The Los Angeles Angels renewed the contract of OF Mike Trout today and opted to pay the phenom $510,000 for the 2013 season, which rankled Trout’s agent. As Mark Townsend relates in that Big League Stew piece, Craig Landis went public with his criticism of the organization over this move.
Now, the Angels are well within their rights to give such a salary to any pre-arbitration player and, though the major league minimum currently sits at $490,000, Trout’s at the mercy of the same protocol that every 2nd-year major league player deals with. The obvious problem with that is the incredible rookie year that Trout had for these Halos.
At age 20, Mike Trout went nuts at the plate and in the field to earn Rookie of the Year honors and, if Miguel Cabrera hadn’t won the Triple Crown, he would have brought home MVP hardware as well. It is very debateable whether Trout should have been named MVP anyway, despite Cabrera’s historic feat.
But there’s another side to this story and if the Trout camp sees it, they’ll be much better for it. The Angels are going for it. Not the AL west, but the 2013 World Series title. And beyond. You think the Dodgers are all-in and spending huge money to win now? Don’t overlook what the Angels have done recently.
The Angels stole the headlines at the 2011 Winter Meetings by swooping in and, presumably out of nowhere, signing Albert Pujols. That cost them 10 years and $240M, not to mention that the back end of that deal will pay huge amounts while Pujols approaches and passes the age of 40. It didn’t work out in 2012, so GM Jerry Dipoto dove in again this offseason and signed Josh Hamilton at $125M over five years. If you look at the terms, those two contracts are going to cost the Angels $16M (Pujols) and $15M (Hamilton) in 2013, and it only gets worse for the club from there. The escalators kick in pretty quick and as soon as 2015 the Angels owe the pair a total of $47M.
Add to the financial mix the mother of all bad contracts in Vernon Wells, which was acquired by Dipoto’s predecessor, Tony Reagins. Whoops! There goes $21M in 2013 and again in 2014. And it’s easy to forget about lefty starter C.J. Wilson who was lured away from the division rivals in Texas for $77.5M over five years. That Jered Weaver guy that’s the ace of the staff costs a little money too ($85M over five years).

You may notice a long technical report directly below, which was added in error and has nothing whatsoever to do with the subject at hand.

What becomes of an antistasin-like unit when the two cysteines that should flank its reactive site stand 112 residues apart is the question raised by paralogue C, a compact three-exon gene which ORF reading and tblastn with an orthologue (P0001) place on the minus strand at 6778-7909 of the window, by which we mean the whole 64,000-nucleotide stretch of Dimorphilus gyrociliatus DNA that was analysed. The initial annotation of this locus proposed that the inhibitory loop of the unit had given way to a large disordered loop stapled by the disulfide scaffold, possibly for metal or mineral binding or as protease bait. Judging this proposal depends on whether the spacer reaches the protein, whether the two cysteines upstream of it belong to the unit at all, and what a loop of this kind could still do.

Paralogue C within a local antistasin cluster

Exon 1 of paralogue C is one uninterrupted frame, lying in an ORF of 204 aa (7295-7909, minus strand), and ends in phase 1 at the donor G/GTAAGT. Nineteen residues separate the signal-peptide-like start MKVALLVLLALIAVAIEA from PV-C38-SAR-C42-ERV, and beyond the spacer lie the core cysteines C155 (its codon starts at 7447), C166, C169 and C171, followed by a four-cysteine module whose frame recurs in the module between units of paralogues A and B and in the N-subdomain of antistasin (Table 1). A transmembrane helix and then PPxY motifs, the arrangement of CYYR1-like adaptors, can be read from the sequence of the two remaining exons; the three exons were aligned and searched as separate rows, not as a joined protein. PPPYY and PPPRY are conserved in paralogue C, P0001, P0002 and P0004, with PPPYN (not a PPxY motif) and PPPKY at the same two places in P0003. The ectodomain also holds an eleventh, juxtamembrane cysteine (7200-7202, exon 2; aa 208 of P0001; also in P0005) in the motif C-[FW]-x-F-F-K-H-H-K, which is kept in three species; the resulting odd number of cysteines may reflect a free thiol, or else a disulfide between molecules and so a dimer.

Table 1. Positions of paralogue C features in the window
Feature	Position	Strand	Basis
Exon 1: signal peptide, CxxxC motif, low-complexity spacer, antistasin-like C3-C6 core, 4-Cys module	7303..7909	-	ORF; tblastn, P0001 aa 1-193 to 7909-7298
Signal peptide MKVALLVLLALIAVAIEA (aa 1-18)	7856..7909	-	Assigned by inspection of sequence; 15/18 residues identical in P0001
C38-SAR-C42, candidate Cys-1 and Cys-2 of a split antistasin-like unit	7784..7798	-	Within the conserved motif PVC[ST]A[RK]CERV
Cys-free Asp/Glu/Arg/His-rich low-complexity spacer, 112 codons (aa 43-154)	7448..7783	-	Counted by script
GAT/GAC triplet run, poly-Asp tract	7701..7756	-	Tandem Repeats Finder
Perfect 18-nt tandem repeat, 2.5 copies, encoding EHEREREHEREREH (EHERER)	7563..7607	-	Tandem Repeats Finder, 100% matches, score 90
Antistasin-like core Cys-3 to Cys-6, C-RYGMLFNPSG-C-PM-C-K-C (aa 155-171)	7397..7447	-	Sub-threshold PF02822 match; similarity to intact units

So, at some point, money has to become an issue, right? Well, here’s the greatest 20-year old in history and he just posted a season for the ages. Under ordinary circumstances, he wouldn’t be the guy you exercise your cost-control over despite the fact that he is still so early into his club-control years. You’d basically hand him the keys to the franchise. Outdo the Evan Longoria and Troy Tulowitzki contracts if you have to, but keep this guy around and let your fan base know he’s yours for the long term.
Yet, with all that money flying around in Anaheim, this is a special case. Trout can certainly wonder where the love is, but if he’s in it to win, he should be able to recognize that his paydays are coming and they’re going to be as historic as his performance was on the field last year. The Wells debacle clears the books after 2014. If Trout performs at, or anywhere near the other-worldly 2012 level over this season and next, it’s hard to imagine that things wouldn’t play out any other way than that money being converted to his long-term deal.
Bottom line, the Angels have one hell of a bottom line. They have spent to compete at the highest level and aren’t happy with coming in third like they did in 2012. It’s easy to stand on the sidelines and say what a team should or shouldn’t pay a player, but if it isn’t your money then it’s all just words in the wind. The Angels have made financial decisions that go well beyond 2013 and it’s a strange twist of fate that one area in which they can find some relief is in a guy who is set up to have the greatest career in baseball history. It was only one season, of course, but as the baseball tides flow, Mike Trout is a tsunamai. Not because of anything on a scouting report or what he did as an amateur or in the minor leagues. It’s because he ran roughshod over the big leagues and he did it as a 20-year old. (He turned 21 in August). That’s contract bargaining leverage in spades.
But he’s under club control, per MLB’s rules. So the Angels did what they did today and Trout’s agent sounded off about it. It doesn’t look good right now, but this too shall pass. Let’s see how the Angels perform, if Trout has a sophomore slump, what the club gets for all its money spent on big name talent, etc. These things have a way of working themselves out. Mike Trout will have his day at the bargaining table. You can’t fault Landis for feeling the way he does at the point where his client may possibly have the most leverage he will ever be able to wield in a contract negotiation. He just didn’t have a say this time around. Those are the rules.
Here’s hoping Trout doesn’t let this affect him on the field. That would be a shame. He’s going to get paid and he’s in an organization that is handing out lucrative long-term deals. Let’s see how this plays out and if he gets his blockbuster payday from this organization or, with today’s move being a factor, some other MLB club.